Name: Karen Biddle Role: Registrar / Collection Database Administrator What is the main focus of your role at MAAS? My main focus is the MAAS collection database (called 'EMu'), for which I manage user group permissions, report design, QA work, large data queries and exports, periodic statistics, and providing training/support to users for everyday usage queries.
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As a third year university student studying an arts degree, the same inevitable and dreaded question often arises in daily conversations; “oh, so what kind of job are you hoping to get with that degree?” My answer has always been that I would like to work as a curator or conservator in museums and art galleries, as I enjoy uncovering the history of objects and understanding what they can tell us about the past.
Dismantling Reigning Men took a full week of sweat, noise and dust. But from it the MAAS team has crafted a cocoon of serenity designed to celebrate the creativity and subtle complexity of Akira Isogawa, in a new exhibition which opened on 15 December 2018.
Back in January, the Catalyst team from the ABC approached us about using some of the Museum's clocks in an upcoming episode of their show. They were producing an episode entitled ‘How To Build A Time Machine', which would delve into the nature of time, whether time travel could ever become a reality, and what rules you'd want to follow if you did indeed find yourself in possession of a working time machine.
The four-week installation of the touring exhibition Reigning Men: Fashion in Menswear, 1715-2015 was one of the most complex that I have ever been involved in. At the Museum of Applied Arts and Sciences (MAAS), we displayed over 130 ensembles and single garments, primarily from the permanent collection of the Los Angeles County Museum of Art (LACMA), which was an edited version of the original exhibition first shown at LACMA in 2016.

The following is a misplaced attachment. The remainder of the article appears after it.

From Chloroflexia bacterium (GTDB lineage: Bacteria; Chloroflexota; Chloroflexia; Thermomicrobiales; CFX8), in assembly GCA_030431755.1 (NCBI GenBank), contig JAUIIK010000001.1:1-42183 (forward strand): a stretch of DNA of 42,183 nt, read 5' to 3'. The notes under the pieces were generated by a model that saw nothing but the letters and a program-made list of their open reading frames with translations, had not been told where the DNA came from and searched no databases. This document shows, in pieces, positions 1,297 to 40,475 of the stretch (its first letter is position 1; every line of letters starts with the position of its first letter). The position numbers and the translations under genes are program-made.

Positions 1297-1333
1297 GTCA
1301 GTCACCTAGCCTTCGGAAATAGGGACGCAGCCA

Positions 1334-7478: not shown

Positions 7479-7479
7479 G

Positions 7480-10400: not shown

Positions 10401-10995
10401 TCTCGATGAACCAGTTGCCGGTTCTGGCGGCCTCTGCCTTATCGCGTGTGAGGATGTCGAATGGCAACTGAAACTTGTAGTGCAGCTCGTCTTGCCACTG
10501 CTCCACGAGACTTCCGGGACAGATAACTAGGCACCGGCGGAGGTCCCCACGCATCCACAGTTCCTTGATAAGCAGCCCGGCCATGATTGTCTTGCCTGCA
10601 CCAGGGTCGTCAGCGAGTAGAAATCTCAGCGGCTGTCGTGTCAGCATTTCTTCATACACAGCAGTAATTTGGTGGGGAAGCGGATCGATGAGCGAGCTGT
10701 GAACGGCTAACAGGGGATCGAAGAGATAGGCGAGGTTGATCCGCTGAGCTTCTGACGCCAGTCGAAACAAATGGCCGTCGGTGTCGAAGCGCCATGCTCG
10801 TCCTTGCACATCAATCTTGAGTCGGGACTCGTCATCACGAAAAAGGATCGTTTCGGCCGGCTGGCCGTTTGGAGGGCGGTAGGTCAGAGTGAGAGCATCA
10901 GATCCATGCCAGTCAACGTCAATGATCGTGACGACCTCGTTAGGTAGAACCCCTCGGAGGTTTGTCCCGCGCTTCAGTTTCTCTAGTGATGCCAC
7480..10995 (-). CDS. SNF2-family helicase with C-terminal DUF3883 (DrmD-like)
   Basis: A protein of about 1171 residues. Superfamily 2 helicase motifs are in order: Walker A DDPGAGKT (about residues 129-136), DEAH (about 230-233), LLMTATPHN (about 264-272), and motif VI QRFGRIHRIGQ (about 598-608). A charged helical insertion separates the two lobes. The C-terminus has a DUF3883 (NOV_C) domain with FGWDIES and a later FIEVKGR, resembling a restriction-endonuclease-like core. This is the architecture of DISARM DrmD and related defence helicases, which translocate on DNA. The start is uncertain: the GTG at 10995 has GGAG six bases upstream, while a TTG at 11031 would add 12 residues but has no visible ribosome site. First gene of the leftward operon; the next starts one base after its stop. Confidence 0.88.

International Museums Day (18 May) has been celebrated each year since 1977 to promote the role of museums around the world. This year’s theme Hyperconnected museums raises awareness about museums as an important means of cultural exchange, enrichment of cultures and development of mutual understanding, cooperation and peace among peoples.
This post was written by Chloe Appleby, a Curatorial Volunteer working under the supervision of Curator Margaret Simpson throughout 2017 and 2018. Chloe also works as a Program Producer and Visitor Services Officer at MAAS's Powerhouse site in Ultimo and the Museums Discovery Centre in Castle Hill.
The Museum is excited to present Australian Men’s Style featuring 25 objects from the MAAS collection that touch on aspects of Australian men’s dress over a period of 200 years. From gentlemen’s attire in the early colonial period to post-World War II outfits and contemporary design, Australian Men’s Style will feature some of the milestones in the evolution of Australian menswear.
On 10 March the Powerhouse Museum celebrates its 30th birthday. Over the past three decades the Museum has produced an enormous number of amazing exhibitions covering everything from science to art, Star Wars to high fashion.
The MAAS collection contains an estimated 500 000 objects. These objects are routinely moved around the Museum as they are taken on and off display, undergo conservation work, are photographed for publications, or even loaned to other museums and institutions across Australia and internationally.
Chloe Appleby is a university student who has spent the last 4 months interning in the Curatorial department at MAAS. Below she reports on her experience and what parts of her internship she enjoyed the most.
Happy National Science Week and Sydney Science Festival everyone! This week my science colleagues have taken over the blog to give you a bit more of an understanding about who we are and what we do. When people find out that I’m a science curator their next question is usually “so, what do you actually do?”.